I joined Mobivox in January of this year to help raise our 2nd round of VC funding. We closed our $11 million round in July. I am very pleased to welcome IDG Ventures teams from Boston, China and Vietnam to Mobivox’s investor group. (Previous funders include Brightspark and Skypoint.) That we were able to raise money from funds in three different countries on two continents, all in one round, speaks to the leverage that a global strategy can bring to your business. We know now that Mobivox’s global scope—our plan is to build the World’s largest community of mobile users—made a difference in the success and speed of our funding prospects. But there are other tips to be plucked from the roadmap we used, too.
With this in mind, I’ve broken down the process we followed, below, plus some of the other lessons in it for founders seeking professional financing now.
January – February: Initial pitches. Introduce the VC community to Mobivox. Hone our pitch.
March: Launch an alpha service. No investor would seriously look at us till we had a product to give them.
April: Meet our new lead-investor prospect. Undergo pre-term sheet due diligence
May: Receive term sheet. Launch our public beta.
June: Documents, IP due diligence
Beginning-to-end the process took a little over 6 months. It would have been faster if we had been in the market with the Mobivox service first, but the pace really picked up after when we launched our public beta in May.
One important thing to take away from the timeline is that, with the exception of January and February, we managed to accomplish one significant milestone in the funding process each month. Try to do this yourselves; all successful deals require momentum to get to the finish line.
1) Target : We only approached well-funded VCs with a focus and track record in mobility, IP communications and/or consumer plays. The funds we approached wanted to hear our story.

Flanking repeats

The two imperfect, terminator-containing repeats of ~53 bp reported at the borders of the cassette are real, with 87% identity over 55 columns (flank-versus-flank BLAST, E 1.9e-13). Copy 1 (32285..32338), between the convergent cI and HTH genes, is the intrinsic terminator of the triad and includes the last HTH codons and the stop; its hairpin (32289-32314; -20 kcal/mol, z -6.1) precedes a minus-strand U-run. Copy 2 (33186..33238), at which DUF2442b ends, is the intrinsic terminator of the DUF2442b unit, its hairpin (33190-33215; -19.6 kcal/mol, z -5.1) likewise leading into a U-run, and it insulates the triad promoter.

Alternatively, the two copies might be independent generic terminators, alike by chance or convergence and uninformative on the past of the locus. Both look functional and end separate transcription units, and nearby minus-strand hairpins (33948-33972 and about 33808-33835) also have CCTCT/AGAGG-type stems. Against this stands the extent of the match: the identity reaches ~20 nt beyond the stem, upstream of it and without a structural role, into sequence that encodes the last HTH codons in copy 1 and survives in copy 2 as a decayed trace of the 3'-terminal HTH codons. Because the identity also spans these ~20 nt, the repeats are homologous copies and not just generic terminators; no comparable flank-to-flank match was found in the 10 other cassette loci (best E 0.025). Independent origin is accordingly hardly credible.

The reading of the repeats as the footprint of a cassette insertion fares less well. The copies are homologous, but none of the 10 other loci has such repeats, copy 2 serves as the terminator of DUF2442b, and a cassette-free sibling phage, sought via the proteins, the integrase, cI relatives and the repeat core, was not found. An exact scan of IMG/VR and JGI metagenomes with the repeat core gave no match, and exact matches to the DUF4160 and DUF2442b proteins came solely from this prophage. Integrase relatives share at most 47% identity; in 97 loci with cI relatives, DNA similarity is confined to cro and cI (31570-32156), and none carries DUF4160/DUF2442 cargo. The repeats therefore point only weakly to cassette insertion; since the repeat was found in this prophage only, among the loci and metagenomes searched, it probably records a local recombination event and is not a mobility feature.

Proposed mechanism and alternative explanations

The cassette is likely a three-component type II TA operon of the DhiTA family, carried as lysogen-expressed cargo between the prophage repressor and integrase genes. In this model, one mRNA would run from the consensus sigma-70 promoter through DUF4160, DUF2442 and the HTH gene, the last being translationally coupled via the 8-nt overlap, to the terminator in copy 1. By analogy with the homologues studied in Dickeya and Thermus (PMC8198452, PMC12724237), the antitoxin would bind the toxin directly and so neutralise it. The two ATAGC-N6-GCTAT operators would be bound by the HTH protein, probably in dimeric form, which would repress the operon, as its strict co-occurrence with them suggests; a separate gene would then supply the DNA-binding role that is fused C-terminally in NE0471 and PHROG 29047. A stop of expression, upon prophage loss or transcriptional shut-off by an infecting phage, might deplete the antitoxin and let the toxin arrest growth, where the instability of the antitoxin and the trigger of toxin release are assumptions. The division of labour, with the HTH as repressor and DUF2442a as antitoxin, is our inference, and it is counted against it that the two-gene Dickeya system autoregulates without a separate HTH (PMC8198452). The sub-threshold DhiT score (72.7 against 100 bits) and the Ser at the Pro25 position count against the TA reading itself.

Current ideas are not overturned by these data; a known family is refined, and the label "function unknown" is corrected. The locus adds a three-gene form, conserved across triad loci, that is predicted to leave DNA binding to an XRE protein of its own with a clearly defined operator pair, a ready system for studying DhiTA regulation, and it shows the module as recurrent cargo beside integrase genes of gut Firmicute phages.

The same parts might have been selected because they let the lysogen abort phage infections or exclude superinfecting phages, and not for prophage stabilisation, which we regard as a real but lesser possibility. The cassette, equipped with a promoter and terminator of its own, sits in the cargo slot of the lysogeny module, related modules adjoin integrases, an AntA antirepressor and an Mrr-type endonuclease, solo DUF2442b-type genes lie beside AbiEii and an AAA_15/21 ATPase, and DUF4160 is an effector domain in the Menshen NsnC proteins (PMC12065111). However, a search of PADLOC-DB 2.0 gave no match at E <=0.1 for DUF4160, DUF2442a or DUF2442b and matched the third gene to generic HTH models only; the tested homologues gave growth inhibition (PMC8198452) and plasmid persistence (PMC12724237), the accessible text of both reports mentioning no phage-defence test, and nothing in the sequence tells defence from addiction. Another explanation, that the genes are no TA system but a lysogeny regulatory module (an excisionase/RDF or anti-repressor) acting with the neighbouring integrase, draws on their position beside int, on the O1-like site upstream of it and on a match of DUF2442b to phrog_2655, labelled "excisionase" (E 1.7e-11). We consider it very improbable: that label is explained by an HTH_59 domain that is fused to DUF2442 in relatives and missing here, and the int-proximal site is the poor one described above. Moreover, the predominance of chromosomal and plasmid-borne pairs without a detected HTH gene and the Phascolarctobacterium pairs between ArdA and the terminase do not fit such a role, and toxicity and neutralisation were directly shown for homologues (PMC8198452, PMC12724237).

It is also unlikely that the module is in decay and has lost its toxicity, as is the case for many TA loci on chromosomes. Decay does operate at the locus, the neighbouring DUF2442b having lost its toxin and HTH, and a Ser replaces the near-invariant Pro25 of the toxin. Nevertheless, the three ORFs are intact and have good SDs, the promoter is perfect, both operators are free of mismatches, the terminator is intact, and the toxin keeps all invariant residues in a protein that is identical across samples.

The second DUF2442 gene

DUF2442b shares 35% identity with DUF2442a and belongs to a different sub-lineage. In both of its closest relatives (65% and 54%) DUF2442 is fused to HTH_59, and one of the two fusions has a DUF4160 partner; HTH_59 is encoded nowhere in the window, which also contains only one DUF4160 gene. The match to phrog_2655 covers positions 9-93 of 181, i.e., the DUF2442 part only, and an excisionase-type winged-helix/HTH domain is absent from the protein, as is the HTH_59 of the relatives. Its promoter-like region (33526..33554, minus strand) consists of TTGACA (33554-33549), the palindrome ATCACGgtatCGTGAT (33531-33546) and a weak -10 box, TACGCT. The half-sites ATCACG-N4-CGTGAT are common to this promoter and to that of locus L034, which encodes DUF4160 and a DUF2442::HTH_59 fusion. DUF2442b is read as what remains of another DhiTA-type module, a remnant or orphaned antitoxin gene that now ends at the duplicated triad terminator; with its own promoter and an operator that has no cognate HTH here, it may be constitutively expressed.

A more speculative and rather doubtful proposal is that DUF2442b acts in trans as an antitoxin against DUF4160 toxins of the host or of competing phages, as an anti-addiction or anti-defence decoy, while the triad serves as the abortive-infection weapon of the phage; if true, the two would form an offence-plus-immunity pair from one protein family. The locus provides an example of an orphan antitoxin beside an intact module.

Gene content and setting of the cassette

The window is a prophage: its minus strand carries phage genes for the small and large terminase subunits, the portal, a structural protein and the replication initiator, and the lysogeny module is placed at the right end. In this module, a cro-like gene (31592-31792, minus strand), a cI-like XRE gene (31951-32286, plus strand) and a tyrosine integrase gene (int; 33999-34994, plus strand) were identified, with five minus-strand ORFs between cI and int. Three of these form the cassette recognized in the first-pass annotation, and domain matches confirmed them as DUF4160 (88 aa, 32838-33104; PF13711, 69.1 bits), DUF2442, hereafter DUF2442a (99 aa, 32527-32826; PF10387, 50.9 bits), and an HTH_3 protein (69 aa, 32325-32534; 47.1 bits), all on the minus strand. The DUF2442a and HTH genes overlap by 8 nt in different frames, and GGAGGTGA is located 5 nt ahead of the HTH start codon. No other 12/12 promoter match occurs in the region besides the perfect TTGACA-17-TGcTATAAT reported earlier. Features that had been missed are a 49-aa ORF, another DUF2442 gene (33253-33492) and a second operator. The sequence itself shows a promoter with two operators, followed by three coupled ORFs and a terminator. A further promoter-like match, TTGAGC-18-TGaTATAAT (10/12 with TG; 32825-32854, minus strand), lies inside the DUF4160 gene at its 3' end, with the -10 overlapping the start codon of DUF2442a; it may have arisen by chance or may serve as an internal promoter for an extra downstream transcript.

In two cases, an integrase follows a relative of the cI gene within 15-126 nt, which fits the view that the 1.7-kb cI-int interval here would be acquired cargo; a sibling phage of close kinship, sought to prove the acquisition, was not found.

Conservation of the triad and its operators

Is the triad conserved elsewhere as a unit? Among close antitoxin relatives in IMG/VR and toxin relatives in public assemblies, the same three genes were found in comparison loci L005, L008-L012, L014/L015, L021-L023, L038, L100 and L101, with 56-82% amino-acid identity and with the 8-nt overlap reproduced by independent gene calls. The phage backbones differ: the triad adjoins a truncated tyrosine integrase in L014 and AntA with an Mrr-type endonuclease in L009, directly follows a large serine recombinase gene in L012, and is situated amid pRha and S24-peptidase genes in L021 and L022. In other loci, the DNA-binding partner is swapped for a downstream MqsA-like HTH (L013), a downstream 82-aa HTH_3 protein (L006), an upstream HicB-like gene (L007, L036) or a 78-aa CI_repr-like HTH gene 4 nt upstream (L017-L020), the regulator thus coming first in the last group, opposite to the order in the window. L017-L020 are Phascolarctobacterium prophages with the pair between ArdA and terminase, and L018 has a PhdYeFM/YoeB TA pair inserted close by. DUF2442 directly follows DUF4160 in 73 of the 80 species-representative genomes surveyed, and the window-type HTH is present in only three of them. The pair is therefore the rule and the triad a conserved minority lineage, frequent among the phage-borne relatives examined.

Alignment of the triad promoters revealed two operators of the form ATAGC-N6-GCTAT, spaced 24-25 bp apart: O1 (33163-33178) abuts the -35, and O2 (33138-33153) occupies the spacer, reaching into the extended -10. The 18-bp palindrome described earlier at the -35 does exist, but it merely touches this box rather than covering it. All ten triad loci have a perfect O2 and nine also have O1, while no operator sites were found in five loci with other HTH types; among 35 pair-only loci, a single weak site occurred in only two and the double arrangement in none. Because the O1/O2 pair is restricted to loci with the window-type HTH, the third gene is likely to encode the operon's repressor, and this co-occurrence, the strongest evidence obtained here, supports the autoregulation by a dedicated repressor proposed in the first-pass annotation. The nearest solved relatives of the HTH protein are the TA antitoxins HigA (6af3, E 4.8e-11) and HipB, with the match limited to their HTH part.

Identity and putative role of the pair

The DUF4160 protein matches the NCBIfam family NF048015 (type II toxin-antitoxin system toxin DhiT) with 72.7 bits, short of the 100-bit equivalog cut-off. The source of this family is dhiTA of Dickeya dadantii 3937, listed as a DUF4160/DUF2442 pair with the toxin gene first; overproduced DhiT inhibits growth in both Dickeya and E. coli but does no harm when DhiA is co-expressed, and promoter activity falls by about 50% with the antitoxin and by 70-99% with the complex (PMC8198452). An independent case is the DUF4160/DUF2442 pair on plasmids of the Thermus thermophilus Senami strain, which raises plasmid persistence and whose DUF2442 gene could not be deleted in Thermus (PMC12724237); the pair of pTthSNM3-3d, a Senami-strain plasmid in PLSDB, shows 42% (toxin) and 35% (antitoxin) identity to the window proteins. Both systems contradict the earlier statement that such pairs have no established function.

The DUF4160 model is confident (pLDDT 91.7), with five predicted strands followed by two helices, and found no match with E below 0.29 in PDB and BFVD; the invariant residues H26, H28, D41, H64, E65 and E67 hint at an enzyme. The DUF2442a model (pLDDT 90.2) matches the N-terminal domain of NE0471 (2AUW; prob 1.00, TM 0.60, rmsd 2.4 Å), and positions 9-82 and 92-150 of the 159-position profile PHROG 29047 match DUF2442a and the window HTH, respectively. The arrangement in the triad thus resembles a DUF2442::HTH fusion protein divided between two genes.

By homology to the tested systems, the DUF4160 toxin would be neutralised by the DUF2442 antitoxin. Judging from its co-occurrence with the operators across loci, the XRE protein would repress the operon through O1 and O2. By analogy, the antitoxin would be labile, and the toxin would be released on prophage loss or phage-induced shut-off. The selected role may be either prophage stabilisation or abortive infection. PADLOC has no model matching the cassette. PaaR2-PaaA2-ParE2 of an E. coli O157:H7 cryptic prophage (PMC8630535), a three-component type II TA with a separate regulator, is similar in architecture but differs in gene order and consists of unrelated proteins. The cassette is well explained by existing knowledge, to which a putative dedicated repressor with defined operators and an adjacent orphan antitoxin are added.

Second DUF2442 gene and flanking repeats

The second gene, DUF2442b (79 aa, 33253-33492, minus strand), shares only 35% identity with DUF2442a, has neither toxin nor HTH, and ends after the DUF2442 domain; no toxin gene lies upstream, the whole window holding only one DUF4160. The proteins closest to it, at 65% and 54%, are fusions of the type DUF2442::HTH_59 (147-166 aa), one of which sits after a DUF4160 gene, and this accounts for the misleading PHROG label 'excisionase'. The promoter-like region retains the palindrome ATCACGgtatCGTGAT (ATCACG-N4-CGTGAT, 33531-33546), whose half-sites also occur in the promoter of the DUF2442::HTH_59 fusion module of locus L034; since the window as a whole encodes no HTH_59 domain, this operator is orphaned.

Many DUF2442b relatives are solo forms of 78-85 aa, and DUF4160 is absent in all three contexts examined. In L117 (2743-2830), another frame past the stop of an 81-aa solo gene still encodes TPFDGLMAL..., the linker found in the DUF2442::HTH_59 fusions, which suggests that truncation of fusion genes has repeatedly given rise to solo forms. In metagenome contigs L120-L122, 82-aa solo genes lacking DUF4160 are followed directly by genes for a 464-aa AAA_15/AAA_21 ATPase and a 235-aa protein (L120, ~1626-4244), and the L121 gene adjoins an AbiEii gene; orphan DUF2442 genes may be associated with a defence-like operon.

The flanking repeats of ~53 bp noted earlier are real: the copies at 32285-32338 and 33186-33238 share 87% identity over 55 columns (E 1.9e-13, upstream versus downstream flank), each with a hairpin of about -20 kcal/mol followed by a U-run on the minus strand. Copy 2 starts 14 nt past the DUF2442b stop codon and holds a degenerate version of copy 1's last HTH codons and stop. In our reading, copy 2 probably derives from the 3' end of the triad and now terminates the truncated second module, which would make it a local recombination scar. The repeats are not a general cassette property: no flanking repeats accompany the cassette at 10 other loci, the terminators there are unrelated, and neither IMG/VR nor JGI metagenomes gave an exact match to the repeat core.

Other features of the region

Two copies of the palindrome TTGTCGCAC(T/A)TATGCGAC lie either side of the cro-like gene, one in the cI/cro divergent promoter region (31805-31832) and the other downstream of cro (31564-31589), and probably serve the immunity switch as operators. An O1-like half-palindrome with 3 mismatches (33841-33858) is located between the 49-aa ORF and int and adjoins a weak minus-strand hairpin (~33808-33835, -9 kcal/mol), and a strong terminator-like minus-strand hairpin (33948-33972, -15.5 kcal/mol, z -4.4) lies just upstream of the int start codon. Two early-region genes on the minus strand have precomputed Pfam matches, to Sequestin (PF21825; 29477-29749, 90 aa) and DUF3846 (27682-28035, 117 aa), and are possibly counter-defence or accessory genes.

2) Think big: When we already had a lead, our CEO wanted to expand the round to get partners in Asia. I thought he was crazy. Today we have our lead and the Asian partners.
3) Be prepared: We went through some pretty serious due diligence, modeling multiple scenarios for our potential VCs again and again over the course of six weeks. They really tested our understanding of the opportunity.
4) You lead the document process: Don’t rely on your lead VC to drive the deal to close. They have too many other things going on. You need to drive the time line. Be due diligence ready before the term sheet and drive the process with the various lawyers.
5) Look for chemistry: Despite the grilling we got during due diligence, we really enjoyed our time with the partners of our lead investor. If you don’t have good chemistry on Day 1, you sure won’t when things take a wrong turn.
6) Spend time with all your stakeholders, not just your new prospects: Founders, previous investors, employees, your new lead investor – they all have different perspectives on a potential deal. If things go well with your company, your relationships with them will last for some time, so it’s important to dedicate serious time to communicating the new terms to them. We had previous investors from Brightspark and Skypoint. Their input on the round was valuable.
I’m sure there are plenty of other lessons. I’ve been doing this for eight years and I still learn something new on each deal. I’d be eager to hear what funding tips other founders might have to share.
Mark MacLeod is currently the CFO of Mobivox, his fourth venture-backed startup. His previously companies include Silanis (AIM: SNS), Hexago, and Terrascale, which was sold to Rackable Systems (NASDAQ: RACK).